With coronavirus restrictions reducing and life finally starting to resemble pre-pandemic times, many companies who adopted working from home are now requesting staff to be returning to the workplace, most commonly on a hybrid basis.
With two years of remote working, employers are likely to be anticipating a reluctance from staff returning to the workplace. We explore below how you can successfully navigate this challenge.
The majority of employers recognise the pandemic has fundamentally changed the world of work, and hybrid working will become the norm for many.
Hybrid working will be different for every business. So ultimately employers need to decide on what strategy will work in terms of the office/home split. At this stage, just trusting employees to work in the smartest way possible for them might feel a bridge too far, and instead setting parameters for office attendance is likely to be a sensible, interim approach.
Whatever your hybrid plans, clear communication with employees around your expectations will be important, along with involving your employees in what is likely to be an evolving process. For more information on hybrid working, please visit the FD People Hub.
Recreate the Benefits of Office Working
Let’s face it, working from home has a good few perks – no commute, a lunchtime walk and a few loads of washing when you have 5 minutes to spare! Employees who were initially reticent about remote working have grown to love it. This in turn creates less of a draw to the office.
Employers will therefore need to find ways to demonstrate the benefits to staff of spending time back at their old desk. Here’s a few ideas:
- Encourage team meetings in the office to enhance collaboration and reduce Zoom fatigue;
- Arrange face to face rather than virtual training – staff will get so much more out of this in terms of their learning;
- Think about ways to make the office more attractive – you don’t need to rip down partition walls, but perhaps look at creating a few more break out spaces or simply having nicer coffee in the kitchen can help make the place more appealing;
- Think about technology to make spending time in the office easier – video calls have become common place, but this doesn’t need to all be done at home. Dedicating a meeting room to video conferencing or providing headsets to staff can support having video calls in the office;
- Organise a long-awaited social event – it could be a coffee morning for the full office for departments to mingle, a team lunch or fun evening activity.
Handling COVID Concerns
We have all become conditioned to avoid the coronavirus over the last few years, and we now have to learn to live with it. This is a significant change, and many employees will be concerned about coming back to an office and sitting in close proximity to others.
Whilst we are entering a new phase of the pandemic, putting in place measures to ensure people feel safe coming to work is essential. The first key step is updating your Health and Safety risk assessment as this will identify what measures you could do away and what will be important to retain. Having a publicised risk assessment and policy for dealing with COVID in the workplace will reassure anyone who is concerned about the risks of returning to the workplace.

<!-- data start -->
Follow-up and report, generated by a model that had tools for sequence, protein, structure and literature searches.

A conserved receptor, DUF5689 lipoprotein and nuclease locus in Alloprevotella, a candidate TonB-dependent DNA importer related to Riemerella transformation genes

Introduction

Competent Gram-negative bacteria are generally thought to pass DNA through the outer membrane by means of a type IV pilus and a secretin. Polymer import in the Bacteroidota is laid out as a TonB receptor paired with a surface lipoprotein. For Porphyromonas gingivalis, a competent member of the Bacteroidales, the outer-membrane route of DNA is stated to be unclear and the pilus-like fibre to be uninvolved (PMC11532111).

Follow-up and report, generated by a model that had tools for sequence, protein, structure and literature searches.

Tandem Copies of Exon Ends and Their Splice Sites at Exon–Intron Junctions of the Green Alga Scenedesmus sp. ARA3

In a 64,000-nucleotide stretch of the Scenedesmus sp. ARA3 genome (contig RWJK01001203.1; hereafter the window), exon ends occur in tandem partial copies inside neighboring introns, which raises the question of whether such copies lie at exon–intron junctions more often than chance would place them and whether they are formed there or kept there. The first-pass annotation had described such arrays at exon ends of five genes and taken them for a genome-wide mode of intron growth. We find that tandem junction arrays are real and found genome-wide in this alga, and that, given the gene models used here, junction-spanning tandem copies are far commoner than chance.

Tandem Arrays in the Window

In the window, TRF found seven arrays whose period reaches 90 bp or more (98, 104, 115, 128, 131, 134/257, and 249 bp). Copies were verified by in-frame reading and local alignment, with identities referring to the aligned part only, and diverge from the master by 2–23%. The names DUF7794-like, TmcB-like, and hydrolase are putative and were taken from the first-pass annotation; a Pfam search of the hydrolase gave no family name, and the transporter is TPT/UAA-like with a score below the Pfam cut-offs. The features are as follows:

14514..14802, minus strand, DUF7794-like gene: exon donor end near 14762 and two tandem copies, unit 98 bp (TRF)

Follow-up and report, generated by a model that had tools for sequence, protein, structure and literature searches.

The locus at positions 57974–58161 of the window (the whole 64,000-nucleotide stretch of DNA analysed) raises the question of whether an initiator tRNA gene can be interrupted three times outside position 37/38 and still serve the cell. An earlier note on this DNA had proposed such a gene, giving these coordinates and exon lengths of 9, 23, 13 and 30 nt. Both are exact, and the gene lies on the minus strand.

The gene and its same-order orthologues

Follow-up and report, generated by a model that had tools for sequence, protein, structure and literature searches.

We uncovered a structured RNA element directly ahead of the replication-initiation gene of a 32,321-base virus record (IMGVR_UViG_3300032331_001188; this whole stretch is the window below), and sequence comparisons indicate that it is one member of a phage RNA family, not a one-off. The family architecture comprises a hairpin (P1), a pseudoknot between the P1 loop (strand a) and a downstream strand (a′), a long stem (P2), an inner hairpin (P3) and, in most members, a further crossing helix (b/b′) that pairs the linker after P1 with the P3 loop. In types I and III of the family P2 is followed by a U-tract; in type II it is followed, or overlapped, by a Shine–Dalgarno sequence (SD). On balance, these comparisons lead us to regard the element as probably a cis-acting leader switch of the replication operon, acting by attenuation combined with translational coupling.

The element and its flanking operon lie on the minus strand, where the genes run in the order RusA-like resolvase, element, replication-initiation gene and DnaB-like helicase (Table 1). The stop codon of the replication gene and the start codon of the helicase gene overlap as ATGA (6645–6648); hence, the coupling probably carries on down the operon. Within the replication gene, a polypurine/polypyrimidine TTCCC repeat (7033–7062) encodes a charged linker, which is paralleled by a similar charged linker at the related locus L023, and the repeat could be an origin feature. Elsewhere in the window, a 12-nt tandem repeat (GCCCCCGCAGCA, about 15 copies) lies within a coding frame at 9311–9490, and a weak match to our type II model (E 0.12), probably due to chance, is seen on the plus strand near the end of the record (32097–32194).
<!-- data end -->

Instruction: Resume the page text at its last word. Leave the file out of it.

You may still find even with this some staff, particularly those who have health conditions or who are pregnant, feel worried about being back in an enclosed space.
In this case, speak with affected staff individually. Try to probe into what their concerns are and what measures they think the business should take to alleviate this.
Promoting Positive Mental Health At Work
Whilst remote working has been a great social experiment that has been a catalyst for much-needed change in working life, it is arguably not good for people to spend all of their time working at their dining room table or in their spare bedroom. Research has shown a 10% increase in mental health issues since the start of the pandemic, and this can be attributed to social isolation and general COVID anxiety.
Long term, a move back to spending time in the office interacting with colleagues will be a good thing for mental wellbeing. but the challenges of returning for employees can’t be underestimated. Here are a few tips to support employees in navigating this change:
- Help employees ease back to the office, perhaps starting with a meeting in the office or phasing up to their new working model;
- Encourage employees to talk to their line manager if they have any concerns or challenges with the transition;
- Work with managers to identify the signs of mental ill-health – an employee who persistently comes up with reasons not to attend the office is likely to be nervous about a return, and could be suffering from mental health issues;
If you don’t already have an Employee Assistance Programme (EAP) in place for employees, now would be a good time to look at this. This is a confidential telephone helpline for employees to contact if they are struggling with their mental health. Many EAPs will provide additional online resources that employees can tap into for tips on dealing with any issues they are facing.
The FD People team can support employers navigate the hurdles of returning to the workplace from both an HR and Health and Safety perspective. Please contact email@example.com or call 0141 221 2984 and we will be happy to help.